But the Great Recession and the employer drive to erase any vestige of a highly-paid professional class of workers in the U.S. has led to the unintended consequence of erasing the distinctions between various working class struggles. Workers increasingly view their individual struggles as part of greater working class struggles.


This greater class consciousness was also apparent in the Hostess workers’ strike. The bakers drew a line in the sand on taking further concessions from the private equity holders determined to squeeze every penny out of the company and then flip it over to a new owner. They were even willing to lose their jobs before accepting the company’s cuts, with union president Frank Hurts proclaiming that their struggle was for the rights of workers everywhere: “Our members are not just striking for themselves, but for all unionized workers across North America who are covered by collective bargaining agreements.” The bakers believed that nothing short of the right of collective bargaining was at stake in their struggle, indicative of union workers everywhere who are now refusing to go gently into austerity’s good night.


The bread-and-butter depiction of an individual union fighting for its wages and benefits without concern for other workplaces or the well-being of the working class as a whole is going out the window and the goal of Republican and Democratic politicians to weaken or completely destroy unions on behalf of their donors has contributed to this shifting focus—they no longer have the luxury of bargaining in their own workplace.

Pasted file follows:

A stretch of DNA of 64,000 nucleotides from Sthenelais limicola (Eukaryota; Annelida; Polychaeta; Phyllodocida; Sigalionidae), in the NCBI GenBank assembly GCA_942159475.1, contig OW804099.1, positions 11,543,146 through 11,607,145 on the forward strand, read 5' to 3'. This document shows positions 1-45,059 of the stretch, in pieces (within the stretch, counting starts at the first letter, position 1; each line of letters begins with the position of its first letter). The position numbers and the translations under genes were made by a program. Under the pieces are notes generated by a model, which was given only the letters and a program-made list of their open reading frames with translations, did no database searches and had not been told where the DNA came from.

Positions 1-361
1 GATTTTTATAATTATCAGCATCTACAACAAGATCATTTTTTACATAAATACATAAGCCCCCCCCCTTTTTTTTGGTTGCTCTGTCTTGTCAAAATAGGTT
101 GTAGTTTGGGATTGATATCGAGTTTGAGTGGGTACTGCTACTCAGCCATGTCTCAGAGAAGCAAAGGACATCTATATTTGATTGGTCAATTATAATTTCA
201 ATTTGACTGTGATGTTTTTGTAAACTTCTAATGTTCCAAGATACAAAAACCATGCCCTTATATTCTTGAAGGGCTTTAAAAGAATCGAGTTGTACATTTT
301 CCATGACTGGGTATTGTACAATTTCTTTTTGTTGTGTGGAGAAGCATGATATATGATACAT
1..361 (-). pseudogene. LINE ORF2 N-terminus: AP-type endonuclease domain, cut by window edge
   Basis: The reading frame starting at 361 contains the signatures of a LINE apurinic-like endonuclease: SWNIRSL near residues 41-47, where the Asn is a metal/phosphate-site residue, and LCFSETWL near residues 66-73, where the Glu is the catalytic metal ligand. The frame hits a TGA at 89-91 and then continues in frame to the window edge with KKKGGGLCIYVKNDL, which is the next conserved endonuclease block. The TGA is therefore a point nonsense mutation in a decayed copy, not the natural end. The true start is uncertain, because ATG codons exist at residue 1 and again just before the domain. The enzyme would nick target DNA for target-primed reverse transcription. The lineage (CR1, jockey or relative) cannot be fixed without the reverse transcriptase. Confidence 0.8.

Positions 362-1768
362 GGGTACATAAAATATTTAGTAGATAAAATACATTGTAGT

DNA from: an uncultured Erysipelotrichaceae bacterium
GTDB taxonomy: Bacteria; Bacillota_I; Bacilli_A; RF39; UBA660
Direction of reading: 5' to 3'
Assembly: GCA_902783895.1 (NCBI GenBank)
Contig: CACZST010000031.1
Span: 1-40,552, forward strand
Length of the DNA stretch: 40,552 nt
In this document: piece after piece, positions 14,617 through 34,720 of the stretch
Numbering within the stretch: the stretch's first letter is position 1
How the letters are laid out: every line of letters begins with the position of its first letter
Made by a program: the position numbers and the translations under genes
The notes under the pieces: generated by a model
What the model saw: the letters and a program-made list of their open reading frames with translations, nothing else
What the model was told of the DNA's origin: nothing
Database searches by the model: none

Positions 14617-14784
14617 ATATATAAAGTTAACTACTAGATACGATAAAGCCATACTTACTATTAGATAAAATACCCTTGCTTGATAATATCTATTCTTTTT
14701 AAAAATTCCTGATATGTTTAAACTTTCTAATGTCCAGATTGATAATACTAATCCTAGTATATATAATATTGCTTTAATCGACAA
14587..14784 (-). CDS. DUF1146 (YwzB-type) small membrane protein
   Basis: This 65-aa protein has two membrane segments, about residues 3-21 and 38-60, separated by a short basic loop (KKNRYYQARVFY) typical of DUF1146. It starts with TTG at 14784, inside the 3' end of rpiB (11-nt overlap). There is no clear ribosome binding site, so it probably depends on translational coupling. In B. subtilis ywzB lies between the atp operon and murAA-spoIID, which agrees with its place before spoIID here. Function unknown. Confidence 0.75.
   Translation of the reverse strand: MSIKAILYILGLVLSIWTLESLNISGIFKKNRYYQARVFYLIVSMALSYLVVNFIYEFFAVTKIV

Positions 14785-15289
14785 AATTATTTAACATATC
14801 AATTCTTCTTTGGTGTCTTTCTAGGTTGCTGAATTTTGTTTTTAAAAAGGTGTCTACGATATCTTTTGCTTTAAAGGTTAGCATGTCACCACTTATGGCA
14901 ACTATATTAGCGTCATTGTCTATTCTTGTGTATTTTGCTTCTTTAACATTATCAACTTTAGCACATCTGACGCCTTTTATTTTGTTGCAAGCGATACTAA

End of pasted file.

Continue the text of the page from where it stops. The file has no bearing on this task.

A shift in strike tactics is also becoming apparent. Walmart workers have revived the labor movement tactic of the 1930s era, striking spontaneously without notice, with the support of community organizations and outside a formal union structure (i.e., wildcat strikes). If Black Friday was any indication of the future of Walmart strike protests, Walmart may eventually be forced—like employers in the 1930s—to accept formal unionization out of the need to stabilize production and control the rank-and-file. Fast- food workers in New York have also followed the Walmart workers’ tactics.


As many commentators have noted, the implications of a unionized Walmart would be huge for the U.S. labor movement, akin to the unionization of the Big Three auto companies in the 1930s that led to an unprecedented era of high wages, benefits, and expansion of the U.S. middle class. 


A Cautionary Tale


Would Walmart’s unionization (still a little way off) reverse or, at least, put the brakes on the three-decades-long march to neoliberalism?


Union leaders in the post-war era—influenced by liberal anti-communism and determined to establish respectability as institutions—worked to excise Communist Party members and radical labor activists from local leadership and rank-and-file membership, overturning the “Popular Front” that had comprised the left labor alliance during the Great Depression and World War II. This further transformed unions into bloated political institutions, complicit with employers, inexorably tied to Democratic Party leadership, and strongly opposed to the radicalism that had characterized the labor movement for over a century, preferring instead to take the AFL’s “respectable” route of hierarchical, whites-only, “bread-and-butter” business unionism.


Liberals, in turn, supported labor unions as institutions of social peace and industrial stability. Although the Taft-Hartley Act undoubtedly deserves blame for the gradual weakening of labor then and ineffectiveness of labor now, major labor leaders surrendered their fight against the bill in exchange for the economic prosperity and labor-management cooperation of the 1950s and 1960s.